Pages v-xlviii

Calendar of State Papers Colonial, America and West Indies: Volume 38, 1731. Originally published by His Majesty's Stationery Office, London, 1938.

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As in the previous volume of the Calendar, the papers here abstracted cover only a single year in place of the two years which were included in each of the volumes immediately preceding it in the series. There are 595 abstracts for 1731, a number that does not appear greatly in excess of 547 for 1728 and 520 for 1729, which together formed a single volume. But attached to the despatches for 1731 there are many more important enclosures which have demanded abstraction at length, and many of the correspondents of the Board of Trade, like David Dunbar, wrote at such length that their letters each cover several pages. It has seemed more convenient therefore to confine the volume to the papers of 1731.
§ I.
of the
The year was one of peace and there were fewer complaints about the outrages of Spanish guarda-costas than usual. Claims for damages sustained from the Spaniards during the late war were still coming in (e.g. 2 and enclosures) and these were sent to the commissioners who had been set up to deal with claims for compensation for illegal seizures (see Introduction C.S.P. 1730, pp. vi–vii). The House of Commons was much interested in the subject and the Duke of Newcastle conveyed the King's orders to the Board of Trade that they should lay before the House accounts of the progress made by the Commissioners pursuant to the Treaty of Seville, Journal, p. 180). In consequence of this order the Board wrote to the commissioners at Madrid asking what had been done, but they received the reply (17 April 1731, Journal, p. 196) that nothing had been doing owing to the delay of the King of Spain in appointing commissaries to join with the British in the examination of the claims. In October the memorials and accounts of the several losses of his Majesty's subjects by the depredations of the Spaniards were sent out to the Secretary of the Commissioners in Madrid (Journal, p. 238), copies of them being kept in the office of the Board but the covering letters and much of the materials are not to be found among the papers here calendared because they were filed under the heading "Trade. Spain. Losses," as we can ascertain from the Journal, and they are now separated from the colonial papers. This emphasises the need to consult the Trade Papers of the Commissioners of Trade and Plantations concurrently with the calendared Colonial Papers in order to secure a complete conspectus of the business passing through the hands of the Board at any particular date. In relation to the proceedings of Benjamin Keene and the other commissioners, of course, reference should also be made to State Papers, Foreign, Spain.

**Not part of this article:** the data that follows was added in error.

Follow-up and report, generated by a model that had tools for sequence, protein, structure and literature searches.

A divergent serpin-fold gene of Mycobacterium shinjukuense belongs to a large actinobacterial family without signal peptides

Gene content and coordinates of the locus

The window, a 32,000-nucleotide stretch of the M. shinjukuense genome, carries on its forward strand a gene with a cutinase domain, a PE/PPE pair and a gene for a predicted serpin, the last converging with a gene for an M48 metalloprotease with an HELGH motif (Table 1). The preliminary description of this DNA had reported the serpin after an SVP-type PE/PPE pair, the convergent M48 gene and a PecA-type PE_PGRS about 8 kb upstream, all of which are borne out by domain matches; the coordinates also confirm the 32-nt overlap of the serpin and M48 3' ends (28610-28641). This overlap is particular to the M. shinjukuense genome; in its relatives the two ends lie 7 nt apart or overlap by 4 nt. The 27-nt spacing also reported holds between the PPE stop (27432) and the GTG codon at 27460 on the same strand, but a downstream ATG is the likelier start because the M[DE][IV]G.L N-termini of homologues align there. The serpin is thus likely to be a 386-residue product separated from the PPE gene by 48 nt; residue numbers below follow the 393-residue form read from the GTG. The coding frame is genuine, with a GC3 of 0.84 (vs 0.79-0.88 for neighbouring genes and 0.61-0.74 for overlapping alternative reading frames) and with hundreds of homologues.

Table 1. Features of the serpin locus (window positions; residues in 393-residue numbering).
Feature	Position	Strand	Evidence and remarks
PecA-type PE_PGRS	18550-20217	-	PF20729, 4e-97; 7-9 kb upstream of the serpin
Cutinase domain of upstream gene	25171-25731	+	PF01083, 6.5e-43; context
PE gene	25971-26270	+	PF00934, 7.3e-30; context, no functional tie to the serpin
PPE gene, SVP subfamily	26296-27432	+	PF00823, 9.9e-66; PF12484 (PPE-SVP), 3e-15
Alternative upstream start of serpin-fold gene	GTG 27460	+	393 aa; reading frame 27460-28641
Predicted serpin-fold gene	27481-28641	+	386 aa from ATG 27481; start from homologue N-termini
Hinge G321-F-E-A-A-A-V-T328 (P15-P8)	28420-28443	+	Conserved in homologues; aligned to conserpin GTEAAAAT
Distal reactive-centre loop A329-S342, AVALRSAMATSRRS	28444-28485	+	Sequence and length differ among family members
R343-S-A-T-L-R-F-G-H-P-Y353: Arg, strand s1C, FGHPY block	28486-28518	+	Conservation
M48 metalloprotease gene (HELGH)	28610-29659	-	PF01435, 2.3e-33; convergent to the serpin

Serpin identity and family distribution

The Trade
Papers of
the Board
of Trade.
The papers are of direct interest for an understanding of the mechanism of the colonial trade with the West Indies and systematic papers like the schedule of losses sustained by the Governors and Company of the Royal Exchange Insurance and of the ships taken in 1727 that were insured by the London Assurance, which are contained among the Trade Papers (Journal, p. 238), are of greater use than the fragmentary accounts for single ships which have alone come into the Colonial Papers. The point must be emphasised that the Board was one of "Trade" as well as "Plantations" and that it made no distinction between the two sides of its work.